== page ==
Younger Daughter and her husband are stressed, too. Olaf will -- I think -- graduate in May. Finally. He passed the exit exam a couple of months ago, but he still must complete a stupid, pointless, one-hour course that involves group presentations by math majors for other math majors. Most of the math majors at the school Olaf and Younger Daughter attended will go into teaching -- they have mastered Math Lite at best. Two of the worst of these were 'randomly' assigned to be Olaf's partners for these presentations. Olaf's grade, of course, is dependent on the performance of his colleagues. At the last such performance, one of Olaf's partners stumbled out of the room in the middle of the presentation, so drunk that he could no longer contain the contents of his stomach.

And Olaf had a lovely day at work yesterday, too. He got his job because he and Younger Daughter had a classmate whose father is president of a manufacturing concern. The father had gone to the math department at Olaf's school looking for someone to train to take over quality control at his plant, but the math department couldn't think of anyone who might be interested. It was his daughter who suggested Olaf.

And Olaf likes the work, and is good at it, too, apparently. He's not on salary yet -- his hourly wage wouldn't be that terrible, though, if he weren't hoping to support a wife and child with it -- but the plan was that he would move into a job that his boss would vacate by moving into the job that his boss would vacate. Inasmuch as Olaf's boss is 60-something and the boss's boss is 70-something and in questionable health, the succession is only a matter of training and time. But after Younger Daughter confided in her girlfriend -- the president's daughter -- about her hopes that Olaf would soon be on salary, the president took Olaf aside (this was yesterday) and said he should not expect to be put on salary upon graduation.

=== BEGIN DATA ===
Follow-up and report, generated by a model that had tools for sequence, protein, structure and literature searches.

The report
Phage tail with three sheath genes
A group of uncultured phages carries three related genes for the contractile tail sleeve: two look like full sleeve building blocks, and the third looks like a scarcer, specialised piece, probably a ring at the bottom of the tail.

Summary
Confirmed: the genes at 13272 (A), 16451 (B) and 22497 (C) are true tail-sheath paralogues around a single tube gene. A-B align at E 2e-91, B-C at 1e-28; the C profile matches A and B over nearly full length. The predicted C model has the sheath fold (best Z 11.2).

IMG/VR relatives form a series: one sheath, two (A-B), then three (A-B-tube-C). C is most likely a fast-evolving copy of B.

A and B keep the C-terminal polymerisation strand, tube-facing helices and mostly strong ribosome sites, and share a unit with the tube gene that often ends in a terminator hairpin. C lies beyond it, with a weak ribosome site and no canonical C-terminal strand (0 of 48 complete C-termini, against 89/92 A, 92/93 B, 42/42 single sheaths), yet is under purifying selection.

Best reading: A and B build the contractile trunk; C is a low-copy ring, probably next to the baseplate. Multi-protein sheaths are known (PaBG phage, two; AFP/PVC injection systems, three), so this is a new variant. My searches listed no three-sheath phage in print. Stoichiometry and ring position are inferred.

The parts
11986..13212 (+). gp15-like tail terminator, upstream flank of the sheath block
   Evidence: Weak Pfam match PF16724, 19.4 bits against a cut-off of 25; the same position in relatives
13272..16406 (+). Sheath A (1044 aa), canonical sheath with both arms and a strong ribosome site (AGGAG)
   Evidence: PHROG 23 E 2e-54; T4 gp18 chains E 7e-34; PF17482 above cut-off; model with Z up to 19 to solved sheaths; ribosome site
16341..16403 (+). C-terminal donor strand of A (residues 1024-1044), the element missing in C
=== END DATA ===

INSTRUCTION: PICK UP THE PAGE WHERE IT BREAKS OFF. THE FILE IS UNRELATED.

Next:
The young people took this rather badly. I tried to explain -- remember my mantra, act as if you own the place -- that, right now, three people are doing two jobs. Of course no big raise can be forthcoming... until the logjam breaks at the top. I suppose that Olaf is a victim of his own success -- the stress on Olaf's bosses has been lessened by his quickly learning the responsibilities of his eventual job. But time is on Olaf's side -- if he doesn't overreact.

I was home yesterday to deal with this crisis in real time because Younger Daughter had a doctor's appointment and I was supposed to babysit The Granddaughter To Be Named Later. Younger Daughter is worried about a condition -- I haven't pressed for details obviously -- but she feels the need to see the surgeon who removed the better part of my colon. My wife is sure that Younger Daughter's problem, whatever it is, is not that serious. But I haven't discouraged Younger Daughter -- not with our family history. Even so, this was not supposed to be a long session, and I had hopes that the baby might even sleep through the whole thing -- the doctor's appointment time coincided with baby's nap time. But it was a particularly short session, actually, because, despite Long Suffering Spouse's repeated admonishments, Younger Daughter somehow managed to forget to bring her insurance card with her.